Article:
Published in 1968, A Wizard of Earthsea opens Ursula K. Le Guin’s Earthsea Cycle, tracing the many voyages of a young sorcerer as he grows into his power. Le Guin’s worldbuilding, first of all, is top-tier: Earthsea comes alive in a totally different way every time we dock at one of its distinctive islands. Filled with tradition, illuminated by a magic system that strikes the perfect balance between order and mystery, and making liberal use of the natural world and its power, this book’s settings are among fantasy’s best. But the execution in this first book, as much as I can appreciate its ideas, is mixed. Its episodic structure makes it difficult for the story to achieve unity, with the lead, Ged’s, character arc feeling more like a set of ideas than a manifest progression of personal change. The prose, though, makes it feel like a gift anyway.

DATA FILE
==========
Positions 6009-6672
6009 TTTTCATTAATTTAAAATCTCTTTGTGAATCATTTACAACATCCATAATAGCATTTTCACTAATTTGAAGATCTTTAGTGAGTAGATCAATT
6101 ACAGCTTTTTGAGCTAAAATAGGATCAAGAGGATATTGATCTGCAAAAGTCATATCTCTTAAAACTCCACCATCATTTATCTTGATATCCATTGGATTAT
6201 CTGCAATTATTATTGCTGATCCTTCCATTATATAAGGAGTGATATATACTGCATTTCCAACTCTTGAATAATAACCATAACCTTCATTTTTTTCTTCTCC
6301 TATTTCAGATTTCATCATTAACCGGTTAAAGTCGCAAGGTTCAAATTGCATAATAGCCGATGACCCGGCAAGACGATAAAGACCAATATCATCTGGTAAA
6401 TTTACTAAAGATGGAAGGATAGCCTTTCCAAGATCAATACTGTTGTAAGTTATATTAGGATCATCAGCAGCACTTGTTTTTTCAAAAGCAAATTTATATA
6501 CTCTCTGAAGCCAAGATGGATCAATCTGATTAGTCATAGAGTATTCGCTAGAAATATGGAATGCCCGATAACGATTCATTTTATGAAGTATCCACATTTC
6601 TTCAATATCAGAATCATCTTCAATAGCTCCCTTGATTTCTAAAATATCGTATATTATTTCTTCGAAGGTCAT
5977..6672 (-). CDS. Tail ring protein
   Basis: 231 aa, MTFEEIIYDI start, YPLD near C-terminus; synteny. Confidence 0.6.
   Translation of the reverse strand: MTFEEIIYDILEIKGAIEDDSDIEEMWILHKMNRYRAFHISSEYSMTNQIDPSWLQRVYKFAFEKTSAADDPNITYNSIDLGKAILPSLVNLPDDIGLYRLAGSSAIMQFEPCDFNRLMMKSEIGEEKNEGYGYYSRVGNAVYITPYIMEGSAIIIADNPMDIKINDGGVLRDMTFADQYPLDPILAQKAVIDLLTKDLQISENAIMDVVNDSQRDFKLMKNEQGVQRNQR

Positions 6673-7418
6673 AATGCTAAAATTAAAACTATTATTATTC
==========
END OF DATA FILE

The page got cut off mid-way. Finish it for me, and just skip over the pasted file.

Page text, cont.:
Thank you so much for reading! How was your April in books? I’d love to hear about it in the comments below 💕

What I Read In March 💕

Happy April, everyone! I’m so happy to be sharing with you what will be my fifth wrap-up in a row! (🥳) March brought me some new favorite books, a great play or two, and myriad wonderful things to shout about in them all. Without further ado, here they are:


20. The Magician’s Nephew by C.S. Lewis

Boasting portals to other worlds, a fallen empire, and a few uncharacteristically funny scenes for the character who would eventually become the White Witch, this 1955 prequel to the Narnia series surprised me in a lot of good ways. In it, we follow the schoolkids Polly and Digory, who stumble into an experiment intended to rip passageways into other universes. Among these universes is the place that the rest of the series knows as Narnia, but there’s way more than that for the book to play in, and I’m now almost mad that the other Narnia books don’t return for more. Where The Magician’s Nephew isn’t surprising, though, it’s depressingly familiar. Lewis’ magical mentor figure, Aslan, again kills conflict wherever he goes, a few later chapters are almost fatally actionless and ceremonial, and for all the book’s potential, it has a hard time living up to its ideas.